Innovative technology puts Williams Martini Racing’s Formula 1 Team on the podium
Whether measured by the accolades of adoring fans, the distribution of prize money, or the eternal passion for driving full throttle, success and speed count in Formula 1 as they do in no other sport. Having won nine constructor titles and seven driver world championships, it is fair to say that the Williams Martini Racing F1 Team understands its craft. The fact that speed is also important off the track can be seen in the racing team's development department. There, the engineers have successfully applied additive manufacturing using EOS technology to construct exterior parts of the front wing's assembly for their 2016 racing car.
Work begins on designing a new car long before an F1 season ends. While working to continually improve the performance of the current car out on the track, the teams of engineers are simultaneously designing and testing its successor. This fact increases the need to optimally use and deploy available resources‒whether in terms of personnel or materials. In the construction of Formula racing cars, teams must stay true to a complex set of rules while finding the best possible balance for the golden ratio of high speed, solid reliability, low weight.
Each season, the team sets itself this challenge anew. The development crew at Williams Martini Racing is based in Grove, Oxfordshire, in the United Kingdom. Like their competitors, they have used carbon-fiber composites for many years now. These materials have proved their value in Formula 1 because they deliver extremely solid stability at very low weight. Having said that, they represent a problem, and not only for the Williams Martini Racing developers, in that they are very expensive. Their use requires the costly and complex construction of molds and tooling. The work is time consuming and represents a key issue when it comes to the need to produce individual components for manufacturing prototypes to strict deadlines.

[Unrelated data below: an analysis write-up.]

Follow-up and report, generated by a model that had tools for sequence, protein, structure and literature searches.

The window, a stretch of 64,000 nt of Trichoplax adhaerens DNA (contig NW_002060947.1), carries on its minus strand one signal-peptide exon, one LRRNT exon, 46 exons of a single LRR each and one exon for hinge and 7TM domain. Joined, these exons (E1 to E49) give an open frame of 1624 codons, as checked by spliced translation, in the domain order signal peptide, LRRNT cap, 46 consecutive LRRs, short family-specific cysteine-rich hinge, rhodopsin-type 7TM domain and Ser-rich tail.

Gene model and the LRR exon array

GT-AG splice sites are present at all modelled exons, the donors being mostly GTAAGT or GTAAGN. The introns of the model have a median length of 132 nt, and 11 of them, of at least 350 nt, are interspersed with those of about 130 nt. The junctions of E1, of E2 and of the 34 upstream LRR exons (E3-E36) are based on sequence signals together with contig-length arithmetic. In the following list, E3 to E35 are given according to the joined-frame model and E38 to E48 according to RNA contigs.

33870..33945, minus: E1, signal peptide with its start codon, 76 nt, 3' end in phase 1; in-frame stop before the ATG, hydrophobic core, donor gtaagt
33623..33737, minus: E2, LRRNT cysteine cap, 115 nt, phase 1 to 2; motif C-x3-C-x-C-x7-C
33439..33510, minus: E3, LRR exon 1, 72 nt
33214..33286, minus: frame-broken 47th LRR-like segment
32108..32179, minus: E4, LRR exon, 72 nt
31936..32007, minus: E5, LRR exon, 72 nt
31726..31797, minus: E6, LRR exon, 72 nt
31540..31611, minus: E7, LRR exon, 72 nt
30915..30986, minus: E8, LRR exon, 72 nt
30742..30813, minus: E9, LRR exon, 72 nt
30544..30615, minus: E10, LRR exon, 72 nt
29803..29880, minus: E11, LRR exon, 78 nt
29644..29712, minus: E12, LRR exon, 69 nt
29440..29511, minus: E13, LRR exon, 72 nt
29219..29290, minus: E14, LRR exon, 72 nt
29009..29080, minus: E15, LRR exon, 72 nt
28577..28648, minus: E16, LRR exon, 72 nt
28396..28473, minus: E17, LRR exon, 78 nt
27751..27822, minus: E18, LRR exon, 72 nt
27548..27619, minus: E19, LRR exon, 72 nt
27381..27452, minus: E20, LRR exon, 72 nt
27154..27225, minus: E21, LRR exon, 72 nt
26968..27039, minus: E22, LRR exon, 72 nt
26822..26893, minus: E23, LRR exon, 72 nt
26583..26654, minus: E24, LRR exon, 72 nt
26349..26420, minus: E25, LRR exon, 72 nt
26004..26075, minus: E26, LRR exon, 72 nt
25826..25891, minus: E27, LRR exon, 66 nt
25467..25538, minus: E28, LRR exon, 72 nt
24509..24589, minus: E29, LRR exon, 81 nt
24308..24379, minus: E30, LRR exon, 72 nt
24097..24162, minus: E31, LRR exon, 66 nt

The racing team has historically taken a rather conservative approach when it came to the work of its engineers. At the same time, the team from Grove had always backed up its belief in innovative technologies. Following this principle, the technical department set about integrating additive manufacturing into the development processes of its prototypes for the multi-part front spoiler. The component is one of the car's aerodynamic centerpieces, ensuring that the tires retain optimal grip through the track's fast curves.
Computer simulations support the calculations for the front wing design. Wind tunnel tests nonetheless need to take place under live conditions at a certain point because the calculation models' performance is limited despite all the intelligent IT algorithms. This is where the concept of “trial and improvement" begins whereby Williams Martini Racing team members examine a number of design variations. Since carbon-fiber materials are, as mentioned, difficult to work with, Williams Martini Racing has decided to additively manufacture prototypes for the wing to test the shape.